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The March for Human Rights Does Not Stop Here

Poster from the Women's March. Photo by Kaya Ortega.

Poster from the Women's March. Photo by Kaya Ortega.

Poster from the Women's March. Photo by Kaya Ortega.

Kaya Ortega, Staff Writer

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Just one day after the inauguration of President Donald Trump, two million women around the world gathered in solidarity to march for the preservation of human and civil rights—and let me say, it was incredible. Despite contrary beliefs, the Women’s March was not only meant for women, but all genders, all walks of life, all skin colors, and all humans. The ultimate mission of the organization is to peacefully and conspicuously show resistance to hate.  

The turnout out was unlike any one person could have predicted. The estimated attendance for Los Angeles alone was 80,000. 750,000 people showed up instead. January 21, 2017 marks the day of the the largest protest in U.S. history with an estimated 2.9 million humans marching on all seven continents. There were marches in virtually every major city in the continental U.S. in addition to marches in Europe, Latin America, Asia, and even Africa.

The streets of Los Angeles were crawling with women, men, and children holding signs that screamed hope and love. People were marching for all different reasons, but unified under one unchanging slogan: “Love Trumps Hate.”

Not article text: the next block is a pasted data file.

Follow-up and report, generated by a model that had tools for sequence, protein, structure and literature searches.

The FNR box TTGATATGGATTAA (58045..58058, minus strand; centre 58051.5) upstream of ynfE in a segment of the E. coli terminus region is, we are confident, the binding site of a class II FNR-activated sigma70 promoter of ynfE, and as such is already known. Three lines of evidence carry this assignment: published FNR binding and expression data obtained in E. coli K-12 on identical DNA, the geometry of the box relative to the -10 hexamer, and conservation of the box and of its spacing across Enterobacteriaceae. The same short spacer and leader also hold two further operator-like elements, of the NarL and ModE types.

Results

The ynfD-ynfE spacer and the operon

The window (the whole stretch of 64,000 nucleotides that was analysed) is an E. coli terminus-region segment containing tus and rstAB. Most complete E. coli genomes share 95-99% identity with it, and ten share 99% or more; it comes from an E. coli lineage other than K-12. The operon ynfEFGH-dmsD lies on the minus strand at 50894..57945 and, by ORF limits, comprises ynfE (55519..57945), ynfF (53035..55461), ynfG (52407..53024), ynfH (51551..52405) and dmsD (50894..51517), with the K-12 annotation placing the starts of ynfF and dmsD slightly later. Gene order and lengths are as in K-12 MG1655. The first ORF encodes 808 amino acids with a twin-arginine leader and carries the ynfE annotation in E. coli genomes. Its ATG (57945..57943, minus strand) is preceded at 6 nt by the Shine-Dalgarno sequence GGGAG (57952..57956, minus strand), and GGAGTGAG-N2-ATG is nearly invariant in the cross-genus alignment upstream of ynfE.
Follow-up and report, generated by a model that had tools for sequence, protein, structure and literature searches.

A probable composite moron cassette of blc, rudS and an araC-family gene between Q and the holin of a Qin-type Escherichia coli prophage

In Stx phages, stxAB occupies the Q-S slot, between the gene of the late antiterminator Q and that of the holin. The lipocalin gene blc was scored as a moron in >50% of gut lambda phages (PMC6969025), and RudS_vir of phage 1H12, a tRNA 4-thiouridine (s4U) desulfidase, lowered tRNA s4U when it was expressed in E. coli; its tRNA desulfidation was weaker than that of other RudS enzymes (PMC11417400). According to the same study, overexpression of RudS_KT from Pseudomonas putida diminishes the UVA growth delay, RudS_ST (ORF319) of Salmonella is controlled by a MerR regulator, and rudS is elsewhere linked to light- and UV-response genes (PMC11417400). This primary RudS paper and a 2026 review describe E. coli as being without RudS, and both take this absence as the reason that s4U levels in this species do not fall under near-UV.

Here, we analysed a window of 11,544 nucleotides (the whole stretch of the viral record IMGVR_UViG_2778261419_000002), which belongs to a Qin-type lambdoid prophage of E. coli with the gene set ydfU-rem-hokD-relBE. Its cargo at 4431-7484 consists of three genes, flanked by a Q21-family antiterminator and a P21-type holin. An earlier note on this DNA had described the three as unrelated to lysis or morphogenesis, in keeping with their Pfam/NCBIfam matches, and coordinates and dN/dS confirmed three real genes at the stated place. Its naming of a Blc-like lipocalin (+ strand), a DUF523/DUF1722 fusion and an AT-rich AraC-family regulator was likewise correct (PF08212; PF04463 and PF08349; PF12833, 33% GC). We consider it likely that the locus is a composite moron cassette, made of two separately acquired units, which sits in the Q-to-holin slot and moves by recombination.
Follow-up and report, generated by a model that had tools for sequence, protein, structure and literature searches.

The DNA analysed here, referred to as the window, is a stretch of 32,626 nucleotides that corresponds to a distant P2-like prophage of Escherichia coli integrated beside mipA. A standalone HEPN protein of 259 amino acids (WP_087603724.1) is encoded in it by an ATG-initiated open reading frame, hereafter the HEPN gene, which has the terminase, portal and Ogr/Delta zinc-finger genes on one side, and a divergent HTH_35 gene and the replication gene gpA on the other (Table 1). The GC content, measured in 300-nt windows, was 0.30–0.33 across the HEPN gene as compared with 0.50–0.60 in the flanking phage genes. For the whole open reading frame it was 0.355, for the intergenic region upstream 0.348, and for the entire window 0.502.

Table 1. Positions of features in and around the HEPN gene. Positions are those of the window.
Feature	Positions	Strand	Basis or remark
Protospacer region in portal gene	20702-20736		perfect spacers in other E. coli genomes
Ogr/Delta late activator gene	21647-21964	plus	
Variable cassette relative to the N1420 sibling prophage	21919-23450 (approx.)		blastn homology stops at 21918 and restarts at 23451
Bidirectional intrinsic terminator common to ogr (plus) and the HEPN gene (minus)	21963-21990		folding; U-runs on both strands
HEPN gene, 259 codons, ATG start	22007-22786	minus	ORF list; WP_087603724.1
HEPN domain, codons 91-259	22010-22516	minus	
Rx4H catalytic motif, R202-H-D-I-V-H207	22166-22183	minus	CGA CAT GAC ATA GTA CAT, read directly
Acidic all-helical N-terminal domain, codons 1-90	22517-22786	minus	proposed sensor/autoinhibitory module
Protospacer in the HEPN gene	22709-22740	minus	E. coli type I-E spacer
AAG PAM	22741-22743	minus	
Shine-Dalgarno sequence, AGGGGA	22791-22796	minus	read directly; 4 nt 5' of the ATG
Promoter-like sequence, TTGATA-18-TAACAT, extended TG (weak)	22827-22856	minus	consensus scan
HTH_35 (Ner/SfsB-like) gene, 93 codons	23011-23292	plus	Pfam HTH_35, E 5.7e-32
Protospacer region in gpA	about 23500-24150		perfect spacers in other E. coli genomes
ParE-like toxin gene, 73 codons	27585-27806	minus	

Protests promoted unity and the ability to fight against oppression. Photo by Kaya Ortega.

Mrs. Christine Irwin, Fullerton Union High School’s very own AP environmental science teacher attended the march. Irwin not only marched for women’s rights and the LGBTQ community but more importantly she marched because she is worried about the threat that the Trump administration poses to climate change and environmental issues.

“For me, personally, as an AP environmental science teacher, it was wanting to show my support for climate change. Our environment is very important to me,” said Irwin.

Not only teachers marched, but students as well. Freshman Sophie Zener marched with her sisters and mother in support of a peaceful resistance.

“It was amazing to be surrounded by people with the same beliefs as me. To be marching with 750,000 people all supporting women was an experience I’ll never forget.” Said Zener.

Junior Angela Lankenau attended the march as well with her friends and was incredibly inspired by the amount of people willing to support equality.

“I was able to see the impact people can make through standing up for what they believe in. To be a part of a historic movement based solely on love and equality is something I’ll never forget.” Said Lankenau.

The United States flag and LGBTQ flag held together to represent unity. Photo by Kaya Ortega.

The march was non-violent and extremely peaceful. Across all seven continents not one of the two million marchers were arrested. All the way from pershing square to city hall men and women were alternating chanting in loud and clear voices, respectively: “Her body, her choice! My body my choice!” As I stood in the middle of a crowd of likeminded humans, I was overwhelmed with pride and joy. In fact, one of the most beautiful parts of the entire march was watching little boys marching, shouting, and standing with their mothers and sisters in support.

Yet, despite all of this, I couldn’t help but think that after this day, what was I going to do to keep fighting? This movement cannot stop. The marching will stop, but our efforts to resist will never. So, to all the nasty women out there, don’t silence yourself. Find new ways to get involved locally and make your voice heard–it’s the only way to make a change.

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